I wanted very much for the hero combination to work. I’m a pretty big fan of the Double Dragon boys, and I quite enjoyed the first Battletoads for the NES, despite its insane level of difficulty. This game mates the two fighting teams and manages to mate the casts of enemies from both franchises as well. You’ll encounter Double Dragon bosses like Abobo and Roper, and you’ll encounter Battletoads bosses as well; most notably, the head honcho of the game, the Dark Queen herself.

So everyone is here, but nobody is in his or her Sunday best. Unfortunately, the graphics are pretty poor for a Genesis outing. The NES version of this same title doesn’t suffer much in side-by-side comparisons with this, its 16-bit counterpart. That’s not good. This truth is exacerbated by the fact that the very first 16-bit Battletoads mission – Battlemaniacs for the SNES – looked substantially better, featuring much larger characters, much more detailed and faithful Battletoad backdrops, and a much more engaging sense of atmosphere.

The atmosphere part of the equation was facilitated in part by the great score, the likes of which is sorely missing in this newer cart. It’s not that I expected a direct follow up to Battlemaniacs – which in turn was a direct follow up to Battletoads – but those games are obvious points of reference.

It’s difficult to compare B/DD to any Double Dragon game, because I just don’t feel authentic involvement from Billy and Jimmy Lee. They’re just there. They look pretty much as you would expect them to, replete with mullets and jean jacket vests, but none of the tunes in the game tip their hats to the brothers’ past adventures, and the silly animations of the ostentatious Toads tend to overshadow Billy and Jimmy’s more clean and tidy fighting styles.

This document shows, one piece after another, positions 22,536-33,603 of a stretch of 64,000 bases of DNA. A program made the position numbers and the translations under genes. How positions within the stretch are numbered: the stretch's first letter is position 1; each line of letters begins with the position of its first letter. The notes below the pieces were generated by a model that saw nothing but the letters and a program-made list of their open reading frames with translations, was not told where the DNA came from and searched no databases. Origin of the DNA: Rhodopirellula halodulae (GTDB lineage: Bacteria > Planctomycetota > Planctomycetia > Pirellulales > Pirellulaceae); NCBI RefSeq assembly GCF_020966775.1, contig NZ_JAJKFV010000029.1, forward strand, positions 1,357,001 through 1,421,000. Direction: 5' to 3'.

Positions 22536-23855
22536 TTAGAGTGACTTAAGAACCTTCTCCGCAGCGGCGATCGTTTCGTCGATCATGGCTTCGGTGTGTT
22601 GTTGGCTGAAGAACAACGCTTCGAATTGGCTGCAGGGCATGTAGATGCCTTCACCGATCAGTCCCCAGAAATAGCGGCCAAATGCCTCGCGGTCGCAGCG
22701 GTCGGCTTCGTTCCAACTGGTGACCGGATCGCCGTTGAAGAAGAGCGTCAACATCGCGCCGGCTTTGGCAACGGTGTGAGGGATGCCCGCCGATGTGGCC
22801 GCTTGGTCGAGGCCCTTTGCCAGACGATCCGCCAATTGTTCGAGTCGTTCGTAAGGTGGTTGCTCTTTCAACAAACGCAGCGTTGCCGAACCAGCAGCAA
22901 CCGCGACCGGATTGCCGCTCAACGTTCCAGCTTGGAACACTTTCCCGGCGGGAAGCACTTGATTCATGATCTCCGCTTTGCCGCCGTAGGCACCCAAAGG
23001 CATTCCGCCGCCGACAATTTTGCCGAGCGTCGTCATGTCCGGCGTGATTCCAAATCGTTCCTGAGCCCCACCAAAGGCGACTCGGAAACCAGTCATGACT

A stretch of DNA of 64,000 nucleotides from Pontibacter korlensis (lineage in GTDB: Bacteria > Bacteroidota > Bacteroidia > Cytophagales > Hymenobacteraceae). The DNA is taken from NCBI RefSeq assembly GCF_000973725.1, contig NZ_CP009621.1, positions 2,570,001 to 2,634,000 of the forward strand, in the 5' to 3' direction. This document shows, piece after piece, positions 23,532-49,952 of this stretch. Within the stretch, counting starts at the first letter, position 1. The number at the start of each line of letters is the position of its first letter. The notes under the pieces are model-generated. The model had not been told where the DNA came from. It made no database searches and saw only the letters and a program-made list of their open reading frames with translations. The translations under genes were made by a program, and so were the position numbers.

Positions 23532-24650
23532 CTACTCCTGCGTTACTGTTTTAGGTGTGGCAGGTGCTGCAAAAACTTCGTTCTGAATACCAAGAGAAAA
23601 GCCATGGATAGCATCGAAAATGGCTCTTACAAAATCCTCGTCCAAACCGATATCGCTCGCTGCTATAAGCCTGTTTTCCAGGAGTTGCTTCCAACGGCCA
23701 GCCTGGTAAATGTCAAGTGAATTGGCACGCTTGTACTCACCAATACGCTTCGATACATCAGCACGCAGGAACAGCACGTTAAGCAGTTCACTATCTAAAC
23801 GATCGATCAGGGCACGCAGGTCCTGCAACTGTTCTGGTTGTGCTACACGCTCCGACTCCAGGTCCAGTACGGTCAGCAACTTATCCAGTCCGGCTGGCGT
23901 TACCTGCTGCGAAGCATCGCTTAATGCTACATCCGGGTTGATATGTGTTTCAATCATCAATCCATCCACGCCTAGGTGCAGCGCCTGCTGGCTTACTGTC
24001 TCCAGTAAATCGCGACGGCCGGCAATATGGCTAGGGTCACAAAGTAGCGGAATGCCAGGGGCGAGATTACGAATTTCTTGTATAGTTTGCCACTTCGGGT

The worst thing that could have happened, happened: in an attempt to combine the best of both worlds, B/DD manages to place both sets of characters in decidedly bland outer space environs like the outside of a space ship, the inside of one, and behind the canopy of a smaller craft (in the one standout shoot-em-up stage). The result is that both the Dragons and the Toads seem quite out of place in front of the cardboard, uninspired backdrops and the Dragons especially seem to be wasting their celebrity on a game that is tilted toward the cartoonish personality of the Toads. As a Toad game, B/DD is substandard, but as the clumsy amalgamation that was attempted, B/DD is wasteful and pointless.

It’s a decent jaunt if you have a friend over, or if you’re in a party environment and want to have a few laughs at the expense of the overstated animations and the handful of really good bits, like when you are called upon to toss grenades back at a concealed grenade-tosser, or when you’re scaling fences and dodging lasers in the space station interior. But like the girl you just met at that party, you’ll play Battletoads/Double Dragon: The Ultimate Team, wake up the next day, and forget all about it.

5 out of 10

The author of this fine article

is a Staff Writer at Thunderbolt, having joined in September 2003.

Gentle persuasion